Lung Cancer and Outdoor Air Pollution

ozone part 1

What's in Your Lungs?

When people hear the word “lung cancer” their mind immediately goes to “cigarettes”. For most people, especially those that don’t smoke, the thought that they could get lung cancer is about as unlikely as being selected by NASA for the first mission to Mars. There’s nothing they’re doing now that would lead them to believe that that would ever happen. But what if you are?

Did you know that simply by living in a city, or going for a run, you can be increasing your odds of getting lung cancer? This is because there is overwhelming evidence to show that air pollution can cause lung cancer.

Many of these pollutants are all around you, lurking in the air that you breathe, even if you cannot see them.



Infographic

ozone part 1

particle pollution

Particle Pollution

As we mentioned in our part 1 series. Particle pollution consists of microscopic particles that float in the air for long periods of time.  While most people think of dust and allergens, particle pollution can also consist of acids, chemicals, metals and soils.  These microscopic particles can be extremely hazardous to your health and often cause eye, nose, throat, or lung irritation when encountered in very small quantities.  Prolonged exposure over time can actually cause lung cancer.  In 2013, an 8-year old girl in China was diagnosed with lung cancer which was attributed to the heavy and prolonged particle pollution that she had been exposed to for many years.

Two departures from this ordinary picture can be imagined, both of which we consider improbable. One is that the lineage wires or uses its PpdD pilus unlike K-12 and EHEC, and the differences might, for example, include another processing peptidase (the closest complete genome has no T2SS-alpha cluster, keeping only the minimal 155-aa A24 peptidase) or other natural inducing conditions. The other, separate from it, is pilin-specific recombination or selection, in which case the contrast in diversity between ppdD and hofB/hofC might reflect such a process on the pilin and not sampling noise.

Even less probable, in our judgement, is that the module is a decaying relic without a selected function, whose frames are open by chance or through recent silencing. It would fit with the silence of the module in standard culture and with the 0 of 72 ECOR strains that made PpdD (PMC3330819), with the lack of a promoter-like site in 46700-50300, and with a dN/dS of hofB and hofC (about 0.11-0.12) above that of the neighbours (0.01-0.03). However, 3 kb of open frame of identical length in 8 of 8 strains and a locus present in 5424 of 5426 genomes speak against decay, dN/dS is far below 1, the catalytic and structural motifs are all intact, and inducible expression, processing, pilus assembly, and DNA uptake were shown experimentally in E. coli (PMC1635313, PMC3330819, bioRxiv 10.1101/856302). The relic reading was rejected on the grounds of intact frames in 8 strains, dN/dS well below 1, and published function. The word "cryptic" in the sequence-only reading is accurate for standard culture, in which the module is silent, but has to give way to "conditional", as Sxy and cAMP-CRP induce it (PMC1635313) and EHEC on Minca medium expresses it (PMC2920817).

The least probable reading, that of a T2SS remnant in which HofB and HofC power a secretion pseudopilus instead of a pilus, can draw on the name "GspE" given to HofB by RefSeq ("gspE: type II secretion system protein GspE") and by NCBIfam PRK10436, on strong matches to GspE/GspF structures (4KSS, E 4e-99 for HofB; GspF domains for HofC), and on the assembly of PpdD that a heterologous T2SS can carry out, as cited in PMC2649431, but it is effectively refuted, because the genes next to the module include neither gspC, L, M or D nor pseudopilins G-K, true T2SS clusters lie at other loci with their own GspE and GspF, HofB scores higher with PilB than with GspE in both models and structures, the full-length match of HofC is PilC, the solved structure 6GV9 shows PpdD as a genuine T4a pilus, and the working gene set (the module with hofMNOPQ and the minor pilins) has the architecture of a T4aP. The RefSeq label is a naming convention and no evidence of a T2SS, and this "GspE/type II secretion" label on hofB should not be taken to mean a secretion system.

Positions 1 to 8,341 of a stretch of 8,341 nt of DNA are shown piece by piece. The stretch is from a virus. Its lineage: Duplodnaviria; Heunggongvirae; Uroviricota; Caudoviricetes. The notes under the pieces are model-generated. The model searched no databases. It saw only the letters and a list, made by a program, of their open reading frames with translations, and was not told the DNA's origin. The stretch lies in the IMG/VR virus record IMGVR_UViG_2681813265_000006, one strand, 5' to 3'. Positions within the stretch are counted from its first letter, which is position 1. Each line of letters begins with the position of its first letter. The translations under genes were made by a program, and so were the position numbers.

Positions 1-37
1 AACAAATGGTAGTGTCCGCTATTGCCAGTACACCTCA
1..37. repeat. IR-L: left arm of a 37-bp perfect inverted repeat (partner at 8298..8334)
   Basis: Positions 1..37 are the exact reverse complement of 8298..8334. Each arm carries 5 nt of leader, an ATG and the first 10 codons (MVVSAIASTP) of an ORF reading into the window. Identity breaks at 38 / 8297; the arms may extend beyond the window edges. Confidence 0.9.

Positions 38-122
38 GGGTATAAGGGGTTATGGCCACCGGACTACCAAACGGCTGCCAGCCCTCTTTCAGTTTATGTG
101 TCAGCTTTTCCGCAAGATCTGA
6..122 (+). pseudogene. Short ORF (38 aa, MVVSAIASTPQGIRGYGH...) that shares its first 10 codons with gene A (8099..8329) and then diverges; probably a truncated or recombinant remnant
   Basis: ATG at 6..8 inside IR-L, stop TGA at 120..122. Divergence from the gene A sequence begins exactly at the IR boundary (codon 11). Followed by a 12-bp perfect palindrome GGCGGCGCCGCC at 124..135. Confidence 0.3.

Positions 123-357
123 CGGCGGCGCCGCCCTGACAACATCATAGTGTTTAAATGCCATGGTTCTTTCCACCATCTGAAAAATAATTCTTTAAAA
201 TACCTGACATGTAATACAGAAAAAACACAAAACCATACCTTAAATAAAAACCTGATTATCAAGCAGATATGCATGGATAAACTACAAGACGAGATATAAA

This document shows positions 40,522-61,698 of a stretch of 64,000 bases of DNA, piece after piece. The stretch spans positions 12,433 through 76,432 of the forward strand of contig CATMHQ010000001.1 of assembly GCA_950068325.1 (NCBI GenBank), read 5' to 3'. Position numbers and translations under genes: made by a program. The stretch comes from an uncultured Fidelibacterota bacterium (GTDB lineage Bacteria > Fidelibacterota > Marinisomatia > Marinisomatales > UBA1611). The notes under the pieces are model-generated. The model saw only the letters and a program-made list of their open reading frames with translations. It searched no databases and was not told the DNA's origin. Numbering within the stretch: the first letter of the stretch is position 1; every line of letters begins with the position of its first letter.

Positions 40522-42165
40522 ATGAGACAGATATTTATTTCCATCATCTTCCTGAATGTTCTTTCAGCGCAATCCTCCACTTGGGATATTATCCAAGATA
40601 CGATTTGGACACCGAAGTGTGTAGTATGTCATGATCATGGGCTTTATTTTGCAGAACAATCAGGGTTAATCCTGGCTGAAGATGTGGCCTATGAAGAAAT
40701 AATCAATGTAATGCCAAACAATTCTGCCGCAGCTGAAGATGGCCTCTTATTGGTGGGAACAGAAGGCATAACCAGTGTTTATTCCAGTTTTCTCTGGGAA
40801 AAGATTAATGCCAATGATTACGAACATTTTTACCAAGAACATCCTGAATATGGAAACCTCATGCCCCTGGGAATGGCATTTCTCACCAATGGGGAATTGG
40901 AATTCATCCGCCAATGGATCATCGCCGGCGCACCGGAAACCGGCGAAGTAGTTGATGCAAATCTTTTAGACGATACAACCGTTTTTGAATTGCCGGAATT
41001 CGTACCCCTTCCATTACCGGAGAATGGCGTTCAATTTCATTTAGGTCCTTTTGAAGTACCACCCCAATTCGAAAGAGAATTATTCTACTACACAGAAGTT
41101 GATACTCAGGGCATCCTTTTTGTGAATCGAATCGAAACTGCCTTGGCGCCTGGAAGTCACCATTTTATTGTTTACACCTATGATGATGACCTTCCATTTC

who is at risk

Who is at risk?

Anyone that lives in areas with elevated particle pollution. People most at risk include children, the elderly and people with lung and heart problems.  If you live in a major metropolitan area, or an area with manufacturing or refining plants within several miles of you, you may be at risk, especially if you frequently exercise outdoors.




Protect Yourself

How to protect yourself?

Check your local air quality index online or on your local news.  Avoid exercising along busy roadways where vehicle exhaust and pollution can be at elevated levels even when forecasts indicate the air quality is good.



what can we do

What can we do?

Congress continues to work to change and improve regulatory standards aimed at reducing particle pollution. Often this is a contentious subject as it pits those who promote health and safety against those who favor a reduction in government control of business and an increase in personal freedoms.  Hopefully we can see that everyone shares the same goals: the safety of their loved ones, and the freedom to live a healthy life.  Until we someday overcome these challenges, do your best to keep your own air clean by following these 10 clean air tips.